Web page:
New bill would make judicial override concerning the death penalty illegal


JEFFERSON CITY, Mo. – Missouri is one of two states that allows judicial override when it comes to capital punishment.

A bill in the house is looking to change that.

When a jury can’t decide whether or not a defendant should be sentenced to death, judges have a judicial override, meaning they can make that ultimate decision.

Representative Shamed Dogan is the sponsor of a bill that would make judicial override concerning the death penalty illegal.

Supporters of the bill brought up the past case of Marvin Rice, where the jury was hung.

Eleven were against sentencing death and one was for it.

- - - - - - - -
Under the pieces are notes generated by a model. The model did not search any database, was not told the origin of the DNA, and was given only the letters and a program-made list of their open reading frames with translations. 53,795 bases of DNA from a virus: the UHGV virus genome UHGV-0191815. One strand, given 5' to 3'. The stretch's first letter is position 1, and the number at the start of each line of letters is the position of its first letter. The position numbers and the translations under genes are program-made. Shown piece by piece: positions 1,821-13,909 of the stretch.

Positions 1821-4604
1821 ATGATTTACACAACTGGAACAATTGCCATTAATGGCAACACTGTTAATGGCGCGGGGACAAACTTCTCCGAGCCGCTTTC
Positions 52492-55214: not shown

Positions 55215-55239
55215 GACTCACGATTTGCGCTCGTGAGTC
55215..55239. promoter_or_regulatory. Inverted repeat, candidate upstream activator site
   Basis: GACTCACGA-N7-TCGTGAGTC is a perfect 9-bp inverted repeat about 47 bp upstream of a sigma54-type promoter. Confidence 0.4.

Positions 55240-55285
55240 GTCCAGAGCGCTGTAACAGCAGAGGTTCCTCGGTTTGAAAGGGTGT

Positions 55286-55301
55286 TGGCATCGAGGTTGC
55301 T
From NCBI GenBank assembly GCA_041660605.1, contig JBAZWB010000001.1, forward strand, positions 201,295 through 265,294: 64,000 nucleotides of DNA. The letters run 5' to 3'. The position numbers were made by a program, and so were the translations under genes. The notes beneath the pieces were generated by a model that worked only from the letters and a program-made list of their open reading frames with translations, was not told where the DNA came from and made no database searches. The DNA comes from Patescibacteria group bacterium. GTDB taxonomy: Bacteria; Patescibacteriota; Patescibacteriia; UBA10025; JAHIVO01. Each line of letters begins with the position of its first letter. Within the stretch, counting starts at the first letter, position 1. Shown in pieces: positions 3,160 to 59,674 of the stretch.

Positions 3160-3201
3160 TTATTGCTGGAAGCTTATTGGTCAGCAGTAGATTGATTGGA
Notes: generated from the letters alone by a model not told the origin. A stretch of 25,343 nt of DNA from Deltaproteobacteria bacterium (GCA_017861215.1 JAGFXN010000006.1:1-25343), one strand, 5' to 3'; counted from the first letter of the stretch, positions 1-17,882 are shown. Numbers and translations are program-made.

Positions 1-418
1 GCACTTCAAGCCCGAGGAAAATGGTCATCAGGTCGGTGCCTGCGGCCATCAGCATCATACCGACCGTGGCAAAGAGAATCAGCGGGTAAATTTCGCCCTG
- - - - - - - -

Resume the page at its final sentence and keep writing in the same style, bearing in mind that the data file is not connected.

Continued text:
The judge decided to sentence Rice to death.

Larry Komp is a federal public defender and represents defendants facing the death penalty.
He says judicial override with a hung jury is unconstitutional and the bill would help Missouri keep up with the rest of the country.

“I believe in fellow Missourians after they’ve gone through that process, if the government cannot sustain its burden at that point, they should not be rewarded with a second bite of the apple,” Komp said.

Since 2013 in Missouri, every death sentence has been determined by a judge, not a jury.

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